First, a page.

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Are our sports people agents of social change?

Are our sports people agents of social change?

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The role played by sportsmen and women here in St Vincent and the Grenadines has been mainly to train and represent their respective disciplines, at the club and eventually at the national level.

For some though, they will go on to play at a higher levels, such as representing the West Indies, in the case of cricket, or get scholarships in the fields of football, basketball and track and field, for example.

Through the attainment of these scholarships, a selected few have gone on to be certified coaches, physiotherapists, medical doctors or have gained professional qualifications other fields of employment.

Unfortunately, it is only when the latter occurs that the virtues of having a sporting background, coupled with the academic prerequisites, are lauded.

Otherwise, sports is seen as a recreational activity that is used to pass the time. But very little value is placed on the importance of sports on the psyche of us as Vincentians.

The recent lay off in sporting activities, occasioned by the coronavirus pandemic should have in some way given sports a higher rating on the scale of social priorities.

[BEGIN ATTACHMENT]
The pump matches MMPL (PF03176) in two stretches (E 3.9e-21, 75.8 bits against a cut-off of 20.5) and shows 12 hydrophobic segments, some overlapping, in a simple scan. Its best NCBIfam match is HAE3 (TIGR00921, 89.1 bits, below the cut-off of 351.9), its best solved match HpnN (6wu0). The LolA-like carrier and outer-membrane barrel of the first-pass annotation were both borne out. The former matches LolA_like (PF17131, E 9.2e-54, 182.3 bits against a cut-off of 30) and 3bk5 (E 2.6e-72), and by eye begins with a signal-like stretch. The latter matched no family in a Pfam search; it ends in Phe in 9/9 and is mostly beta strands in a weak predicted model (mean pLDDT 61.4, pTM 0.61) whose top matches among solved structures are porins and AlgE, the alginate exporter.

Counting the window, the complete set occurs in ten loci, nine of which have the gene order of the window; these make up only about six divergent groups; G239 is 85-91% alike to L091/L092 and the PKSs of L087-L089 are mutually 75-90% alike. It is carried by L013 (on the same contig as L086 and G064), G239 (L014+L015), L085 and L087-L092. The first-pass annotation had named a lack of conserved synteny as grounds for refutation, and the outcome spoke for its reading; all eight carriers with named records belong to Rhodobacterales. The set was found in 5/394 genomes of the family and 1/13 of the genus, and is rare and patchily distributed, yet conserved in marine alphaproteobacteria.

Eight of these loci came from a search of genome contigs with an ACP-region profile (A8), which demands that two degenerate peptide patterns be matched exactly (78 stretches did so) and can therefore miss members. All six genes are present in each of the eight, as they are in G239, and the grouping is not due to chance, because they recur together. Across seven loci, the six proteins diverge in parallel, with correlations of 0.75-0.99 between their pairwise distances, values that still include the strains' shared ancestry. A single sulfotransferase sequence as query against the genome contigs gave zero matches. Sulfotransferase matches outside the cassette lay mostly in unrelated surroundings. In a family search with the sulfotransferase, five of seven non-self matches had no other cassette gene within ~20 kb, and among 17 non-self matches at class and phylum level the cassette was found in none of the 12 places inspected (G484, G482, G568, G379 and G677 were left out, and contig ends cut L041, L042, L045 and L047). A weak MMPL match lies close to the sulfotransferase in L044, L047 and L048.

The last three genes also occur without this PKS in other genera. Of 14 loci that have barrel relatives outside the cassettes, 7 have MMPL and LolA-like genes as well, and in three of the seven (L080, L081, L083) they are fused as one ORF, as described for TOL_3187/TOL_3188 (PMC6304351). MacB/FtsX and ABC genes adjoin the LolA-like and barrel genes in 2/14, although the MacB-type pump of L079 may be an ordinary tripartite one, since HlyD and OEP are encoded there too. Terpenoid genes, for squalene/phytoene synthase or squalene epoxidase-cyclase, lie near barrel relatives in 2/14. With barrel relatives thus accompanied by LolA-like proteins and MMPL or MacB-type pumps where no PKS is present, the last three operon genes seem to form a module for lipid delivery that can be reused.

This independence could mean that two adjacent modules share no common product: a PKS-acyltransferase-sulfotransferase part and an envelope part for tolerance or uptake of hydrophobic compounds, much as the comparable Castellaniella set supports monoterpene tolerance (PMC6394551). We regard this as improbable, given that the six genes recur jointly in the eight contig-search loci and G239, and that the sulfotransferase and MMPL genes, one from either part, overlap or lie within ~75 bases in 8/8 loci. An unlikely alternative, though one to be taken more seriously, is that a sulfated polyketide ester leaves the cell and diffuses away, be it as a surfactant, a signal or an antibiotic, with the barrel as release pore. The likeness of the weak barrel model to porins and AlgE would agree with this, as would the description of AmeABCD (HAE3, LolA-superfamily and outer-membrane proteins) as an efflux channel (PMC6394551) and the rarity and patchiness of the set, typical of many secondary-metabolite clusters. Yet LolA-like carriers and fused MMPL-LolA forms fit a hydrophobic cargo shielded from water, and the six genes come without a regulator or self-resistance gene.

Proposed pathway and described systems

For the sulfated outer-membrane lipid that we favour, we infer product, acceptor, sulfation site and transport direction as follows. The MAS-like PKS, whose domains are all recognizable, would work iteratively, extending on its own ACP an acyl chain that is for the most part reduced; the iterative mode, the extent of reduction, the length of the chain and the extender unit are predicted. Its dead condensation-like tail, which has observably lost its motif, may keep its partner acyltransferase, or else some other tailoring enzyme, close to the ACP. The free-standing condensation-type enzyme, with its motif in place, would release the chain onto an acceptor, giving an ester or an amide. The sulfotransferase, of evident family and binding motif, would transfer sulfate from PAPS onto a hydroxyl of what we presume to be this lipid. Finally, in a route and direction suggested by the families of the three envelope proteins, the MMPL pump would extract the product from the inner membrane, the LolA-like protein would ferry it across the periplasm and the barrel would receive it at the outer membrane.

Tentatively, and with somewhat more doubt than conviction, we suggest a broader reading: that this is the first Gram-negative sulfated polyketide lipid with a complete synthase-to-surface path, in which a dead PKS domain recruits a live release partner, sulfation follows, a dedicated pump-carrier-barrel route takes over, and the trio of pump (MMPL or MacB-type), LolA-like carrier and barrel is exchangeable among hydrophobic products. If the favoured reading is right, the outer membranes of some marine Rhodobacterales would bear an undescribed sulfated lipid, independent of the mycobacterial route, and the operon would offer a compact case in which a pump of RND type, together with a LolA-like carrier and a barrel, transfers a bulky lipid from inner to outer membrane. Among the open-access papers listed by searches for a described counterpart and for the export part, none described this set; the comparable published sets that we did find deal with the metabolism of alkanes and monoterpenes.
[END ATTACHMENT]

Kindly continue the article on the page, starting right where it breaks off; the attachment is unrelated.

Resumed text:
Whilst there is compelling evidence that sports possesses greater value to country, than the sheer hosting of events, not much is done for us as a nation, to heighten that profile.

And, this is setting aside the economic benefits that are accrued from sports, which too are widely publicised.

But be this as it may, sports people are mainly stagnated by their relative status.

Therefore, unlike other countries, whose sports people carry social weight, ours do not.

We saw last June that Manchester United and England footballer, 22-year-old Marcus Rashford’s advocacy on free school meals during the summer, caused his country’s Prime Minister- Boris Johnson, to take notice.

The result was that 1.3 million children who were eligible for free lunches, had vouchers made available to them. This cost the government an expenditure of 120 million pounds sterling.

Yes, Rashford is an international star and who makes millions and has media appeal, but the fact is that sort of consciousness of social issues comes from within.

Also, many other international stars are taking side with the Black Lives Matter.

So can Vincentian sportsmen and women in our small space do the same?

Readily, there would be a resounding no.

Not because there are not sufficient issues that are confronting our society, but our sportsmen and women do not have that clout, nor are they adequately positioned to do so.

In some ways, our Vincentian society’s way of doing things will not allow these sports people to become vocal on matters of social and public concern.

What can be done in the interim though, is for sporting organisations to begin to lay down markers on their respective communities.

Sporting organisations have to add value to the social life of the Vincentian community, beyond the provision of opportunities to play sport.

Community involvement will eventually lead to that social consciousness needed by our sports people.

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